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Area 1 MAG
All my bitter tears had been cried by the time I was seated on my assigned airplane bench. I was relieved to see that my seat-mate, a tall boy with a strong jaw, was similarly dry-eyed. Hearing the choked sobs that echoed around the “cattle chamber,” as it was called, was bad enough. My head already hurt from the braids wound tightly around my scalp. I didn't remove them. They were the last scrap of rough, brash love I would ever have from my mother. I would never see them again. Not Mother, not Daddy, not my younger brother, Abe, or little Lilly.
Oh, it all sounds very tragic, but it's the way of the world. My parents were taken from wherever they grew up at the age of sixteen too, as was my older brother, Clive. Since the last apocalypse wiped out an eighth of the world's population, it was important to keep the gene pool fresh. Those who were old enough to remember still spoke of the Inbred Plague with fear in their eyes. Things were better now. If you were fit, you were shipped to other Areas of the Nation to work and eventually raise a family.
Our families weren't told where we were going. We weren't even told where we were going. My last glimpse of home had vanished when I was put on the plane with two other kids from Area 331. Our Area never had a lot of people who qualified for Distribution. Most blamed the fallout left over from the atomic bomb strikes. Some blamed bad luck. Either way, most young people were kept in the village for manual labor and forbidden to marry and pass on their bad genes.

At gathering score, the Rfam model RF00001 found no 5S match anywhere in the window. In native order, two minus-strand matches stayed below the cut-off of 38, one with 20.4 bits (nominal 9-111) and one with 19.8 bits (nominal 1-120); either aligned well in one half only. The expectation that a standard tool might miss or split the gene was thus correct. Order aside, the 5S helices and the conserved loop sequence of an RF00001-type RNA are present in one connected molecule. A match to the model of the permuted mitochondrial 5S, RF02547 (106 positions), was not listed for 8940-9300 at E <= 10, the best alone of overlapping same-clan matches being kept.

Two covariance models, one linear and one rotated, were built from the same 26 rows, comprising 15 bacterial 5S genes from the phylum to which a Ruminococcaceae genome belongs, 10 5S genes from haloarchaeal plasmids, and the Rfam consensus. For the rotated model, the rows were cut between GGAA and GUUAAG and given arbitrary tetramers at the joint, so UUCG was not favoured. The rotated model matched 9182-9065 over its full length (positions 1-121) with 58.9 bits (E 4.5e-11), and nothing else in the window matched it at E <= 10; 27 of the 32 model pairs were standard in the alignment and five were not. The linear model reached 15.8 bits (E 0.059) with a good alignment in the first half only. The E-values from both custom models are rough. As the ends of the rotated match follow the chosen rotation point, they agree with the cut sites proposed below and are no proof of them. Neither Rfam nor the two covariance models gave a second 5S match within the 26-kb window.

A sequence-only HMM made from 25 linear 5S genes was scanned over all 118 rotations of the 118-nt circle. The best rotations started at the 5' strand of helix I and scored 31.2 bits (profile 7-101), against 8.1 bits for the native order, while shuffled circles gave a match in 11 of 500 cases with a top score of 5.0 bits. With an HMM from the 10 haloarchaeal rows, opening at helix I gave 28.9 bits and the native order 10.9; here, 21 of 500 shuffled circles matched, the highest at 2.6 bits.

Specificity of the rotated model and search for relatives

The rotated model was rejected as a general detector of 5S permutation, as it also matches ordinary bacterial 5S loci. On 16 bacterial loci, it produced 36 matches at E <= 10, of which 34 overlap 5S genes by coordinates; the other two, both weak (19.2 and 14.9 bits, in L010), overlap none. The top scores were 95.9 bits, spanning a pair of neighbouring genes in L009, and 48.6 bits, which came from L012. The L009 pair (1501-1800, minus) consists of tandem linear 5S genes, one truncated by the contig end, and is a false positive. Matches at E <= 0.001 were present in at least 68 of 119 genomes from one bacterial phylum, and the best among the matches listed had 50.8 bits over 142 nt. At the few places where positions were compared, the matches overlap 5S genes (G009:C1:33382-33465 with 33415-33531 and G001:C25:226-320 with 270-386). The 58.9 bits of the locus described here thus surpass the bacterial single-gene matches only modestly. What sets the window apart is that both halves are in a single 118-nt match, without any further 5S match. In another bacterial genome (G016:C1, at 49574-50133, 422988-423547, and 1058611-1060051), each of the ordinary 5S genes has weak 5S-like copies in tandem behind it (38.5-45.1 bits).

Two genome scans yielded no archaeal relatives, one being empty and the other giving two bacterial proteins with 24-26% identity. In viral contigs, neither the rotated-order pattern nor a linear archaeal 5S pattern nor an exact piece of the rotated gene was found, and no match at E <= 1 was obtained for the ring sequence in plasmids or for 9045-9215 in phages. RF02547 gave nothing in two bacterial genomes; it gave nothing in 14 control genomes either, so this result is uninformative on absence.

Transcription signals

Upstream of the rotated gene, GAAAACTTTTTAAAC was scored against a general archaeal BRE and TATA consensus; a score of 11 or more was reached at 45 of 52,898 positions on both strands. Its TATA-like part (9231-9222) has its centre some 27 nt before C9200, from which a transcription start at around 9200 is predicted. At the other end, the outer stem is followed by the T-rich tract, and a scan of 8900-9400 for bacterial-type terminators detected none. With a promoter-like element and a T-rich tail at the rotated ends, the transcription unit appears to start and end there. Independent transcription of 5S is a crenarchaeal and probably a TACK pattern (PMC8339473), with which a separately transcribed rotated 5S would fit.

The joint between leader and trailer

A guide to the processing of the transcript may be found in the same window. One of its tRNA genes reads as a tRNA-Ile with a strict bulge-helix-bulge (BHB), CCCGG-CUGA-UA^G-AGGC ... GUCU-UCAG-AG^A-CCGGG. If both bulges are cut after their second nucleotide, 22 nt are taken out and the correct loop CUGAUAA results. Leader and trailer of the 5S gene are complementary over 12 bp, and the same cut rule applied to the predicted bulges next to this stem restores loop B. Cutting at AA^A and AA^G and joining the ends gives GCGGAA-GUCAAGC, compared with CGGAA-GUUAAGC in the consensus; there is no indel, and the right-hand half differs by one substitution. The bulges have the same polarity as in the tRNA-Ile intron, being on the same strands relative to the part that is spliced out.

I almost hadn't passed the Distribution assessment, or so my mother heard. I'd never been very strong, and the physical tests were strenuous. They were the same all across the Nation, but most Areas were fully inhabitable and kids didn't grow up stunted. I could tell by the strong, healthy kids around me on the plane that they hadn't grown up wearing a gas mask or spent their lives wondering what toxic chemicals were in the water. It was the cause of a lot of mumbling when things were especially bad. But no one was foolish enough to believe we were of enough value to be spared if we caused trouble. Wasn't there enough evidence that the government had no qualms about silencing the people of Area 331?
Anyway, it had been my performance on the mental aptitude tests that made me pass. Someone somewhere saw something worthwhile in my genes. I won't deny that I didn't half wish I'd failed. I could live my life doing what I knew, which was inhaling smog in the factories and coming home to a family who loved me in their own way. I could have stayed with Addy, my best friend, who hadn't passed the assessment. She hadn't even made it to the final rounds. My last morning at home, she had visited to try and make up for her days of silence. She hadn't disguised the envy in her eyes when she saw my new dark green uniform, but I forgave her because what was the point of doing anything else?